Thursday, March 17, 2005

Southern culture and technological shortcomings

My initial thought in going to the Tampa/St. Petersburg area was that technology (or the ability to easily access it) in the form of wi-fi availability would not be an issue.

Prior to leaving Maine for my week in the sun to watch my son and his Wheaton College mates play nine games on their annual Florida pre-season trip, I checked a couple of websites that catalogue wi-fi availability around the country. It appeared that Florida would have more than it actually does.

A casual walk around Portland, Maine (my home state's largest city) would reveal an abundance of opportunities for whipping out one’s laptop and having immediate capabilities of updating your blog, accessing email, or surfing the web. Not so in the Tampa/St. Pete/Clearwater area. How is this possible? Maine as a state has slightly more people than the Tampa Bay region has, yet at least in Portland (and most towns with a library), opportunities exist that allow you to quickly be up and running with a laptop.

One of Maine’s forward-thinking nods to technology was updating all of the state’s libraries in order to provide wireless internet access to anyone with a laptop. This is not available in Florida, even though the numerous libraries appear to be decent and have computers with internet access. Maine’s governor, John Baldacci, and several other state officials deserve credit for recognizing the importance of technology, as well as making it available to all Maine’s residents, not just those who can afford it.

While one could make a case for going on vacation and leaving the cares of blogging behind, I felt the need to put up a few posts while away. Not only did I feel a need to, I wanted to put some pictures up and comment a bit about my trip.

Despite some of the technological shortcomings, there appears to be a pocket of progressive activism, as well as the presence of a cutting-edge artistic community in this area, deep within the heart of the southern, red belt region of the U.S. While country music and right-wing talk radio certainly exists in no small supply here in the land of sunshine, Jesus, and Clear Channel, one can tune in independent, community radio stations like WMNF-88.5 in Tampa, and catch programming like I did tonight (Wednesday). The locally-produced program featured the music of the likes of Henry Kaiser and other avant-garde artists such as Captain Beefheart, as well as Chris Cutler to name a few.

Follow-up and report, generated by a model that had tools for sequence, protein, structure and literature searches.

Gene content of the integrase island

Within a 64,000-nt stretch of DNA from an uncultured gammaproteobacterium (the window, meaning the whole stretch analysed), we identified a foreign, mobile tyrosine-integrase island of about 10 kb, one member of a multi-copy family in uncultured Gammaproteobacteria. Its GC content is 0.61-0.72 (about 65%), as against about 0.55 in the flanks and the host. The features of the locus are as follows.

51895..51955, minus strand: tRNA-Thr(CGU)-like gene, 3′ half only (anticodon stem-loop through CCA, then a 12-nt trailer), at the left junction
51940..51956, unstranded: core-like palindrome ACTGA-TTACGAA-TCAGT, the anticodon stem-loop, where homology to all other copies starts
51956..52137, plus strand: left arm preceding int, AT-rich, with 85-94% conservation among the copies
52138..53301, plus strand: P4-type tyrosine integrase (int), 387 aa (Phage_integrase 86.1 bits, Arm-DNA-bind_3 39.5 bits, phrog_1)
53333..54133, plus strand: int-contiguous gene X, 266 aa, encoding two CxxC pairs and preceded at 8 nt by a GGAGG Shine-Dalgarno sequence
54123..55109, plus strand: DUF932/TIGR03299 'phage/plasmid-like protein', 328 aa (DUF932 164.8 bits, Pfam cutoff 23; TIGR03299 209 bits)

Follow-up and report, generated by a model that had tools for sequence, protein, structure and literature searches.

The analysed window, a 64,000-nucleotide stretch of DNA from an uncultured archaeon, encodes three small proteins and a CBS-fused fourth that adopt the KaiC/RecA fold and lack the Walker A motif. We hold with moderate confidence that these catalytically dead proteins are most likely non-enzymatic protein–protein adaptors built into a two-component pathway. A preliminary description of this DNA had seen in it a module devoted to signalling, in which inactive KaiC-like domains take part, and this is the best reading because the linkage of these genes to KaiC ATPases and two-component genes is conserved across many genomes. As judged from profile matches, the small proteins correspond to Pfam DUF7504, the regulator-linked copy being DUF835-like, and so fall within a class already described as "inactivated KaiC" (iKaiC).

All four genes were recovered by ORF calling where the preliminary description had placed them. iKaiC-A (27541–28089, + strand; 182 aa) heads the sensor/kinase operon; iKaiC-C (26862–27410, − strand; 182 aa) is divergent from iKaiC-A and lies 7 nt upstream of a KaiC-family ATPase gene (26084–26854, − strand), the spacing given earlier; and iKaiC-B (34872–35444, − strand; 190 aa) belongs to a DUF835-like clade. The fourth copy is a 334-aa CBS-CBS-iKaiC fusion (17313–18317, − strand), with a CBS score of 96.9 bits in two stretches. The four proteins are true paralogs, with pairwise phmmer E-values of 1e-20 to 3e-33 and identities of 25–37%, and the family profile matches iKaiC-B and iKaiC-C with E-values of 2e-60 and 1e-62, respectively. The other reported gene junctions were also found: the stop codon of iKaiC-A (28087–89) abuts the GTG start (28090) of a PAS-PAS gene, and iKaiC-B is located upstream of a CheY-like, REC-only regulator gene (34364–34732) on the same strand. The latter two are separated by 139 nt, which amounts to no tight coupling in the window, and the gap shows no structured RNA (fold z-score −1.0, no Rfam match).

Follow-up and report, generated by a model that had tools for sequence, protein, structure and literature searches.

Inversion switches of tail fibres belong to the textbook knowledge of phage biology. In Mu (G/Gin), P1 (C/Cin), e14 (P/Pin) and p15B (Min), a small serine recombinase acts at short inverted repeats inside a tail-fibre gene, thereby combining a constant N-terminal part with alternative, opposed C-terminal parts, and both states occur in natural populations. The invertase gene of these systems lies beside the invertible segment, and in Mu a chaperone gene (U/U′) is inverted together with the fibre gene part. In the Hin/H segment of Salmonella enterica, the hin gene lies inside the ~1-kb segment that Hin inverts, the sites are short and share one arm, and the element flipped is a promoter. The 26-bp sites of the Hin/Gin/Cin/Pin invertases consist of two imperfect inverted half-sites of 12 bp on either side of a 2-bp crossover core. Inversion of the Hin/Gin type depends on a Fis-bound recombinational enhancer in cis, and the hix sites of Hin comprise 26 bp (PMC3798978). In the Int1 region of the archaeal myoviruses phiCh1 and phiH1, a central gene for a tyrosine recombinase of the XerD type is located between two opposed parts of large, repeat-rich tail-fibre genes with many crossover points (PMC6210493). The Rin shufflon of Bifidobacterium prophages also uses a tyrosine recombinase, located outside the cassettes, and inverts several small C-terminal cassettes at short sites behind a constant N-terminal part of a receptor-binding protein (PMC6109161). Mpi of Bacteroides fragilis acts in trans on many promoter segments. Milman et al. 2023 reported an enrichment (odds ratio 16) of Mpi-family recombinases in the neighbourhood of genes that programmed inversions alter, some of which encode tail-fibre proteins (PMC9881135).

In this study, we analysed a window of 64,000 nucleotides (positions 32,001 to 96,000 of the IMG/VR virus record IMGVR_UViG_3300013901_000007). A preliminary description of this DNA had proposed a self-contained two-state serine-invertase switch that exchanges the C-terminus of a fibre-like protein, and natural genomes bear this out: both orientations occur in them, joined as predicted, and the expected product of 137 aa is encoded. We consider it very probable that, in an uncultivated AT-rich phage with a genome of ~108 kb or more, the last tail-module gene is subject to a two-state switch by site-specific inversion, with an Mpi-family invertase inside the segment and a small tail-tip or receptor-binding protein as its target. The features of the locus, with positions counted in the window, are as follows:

This same station also carries assorted NPR programming such as Terri Gross and Fresh Air, as well as Democracy Now’s Amy Goodman. While in town, I listened as much as I could to the opinionated progressive radio emanating from the far-left end of my radio dial.

It’s encouraging to know that despite the right-wing grandstanding about Terri Schiavo (one of the big news stories down here, as well as nationally, I’m sure) and the case involving prolonging the life of someone clearly incapable of maintaining the most basic of human functions, the case has elicited some spirited op eds and clearly, not everyone in Florida shares the views of the right-to-life, bible brigade.

I’ve found the St. Petersburg Times to be an excellent newspaper, informative, editorially strong and well-staffed with a stable of writers covering both local and nationally news with an eye towards journalistic integrity. The Tampa Tribune on the other hand, appears to have a right-wing slant that one might expect in a media market controlled by corporate news, acting out their roles of Republican lackeys. It’s obvious in listening to radio for any length of time down here that corporate ideology rules the airwaves, in one of the major media markets in the country.

Now if the state could at least upgrade their libraries and have them wired to allow wi-fi access at their local library branches, then this major sunbelt metropolis might be worth considering as a future alternative to the cold and snow of the northeast, for the short-term, or even longer.

No comments: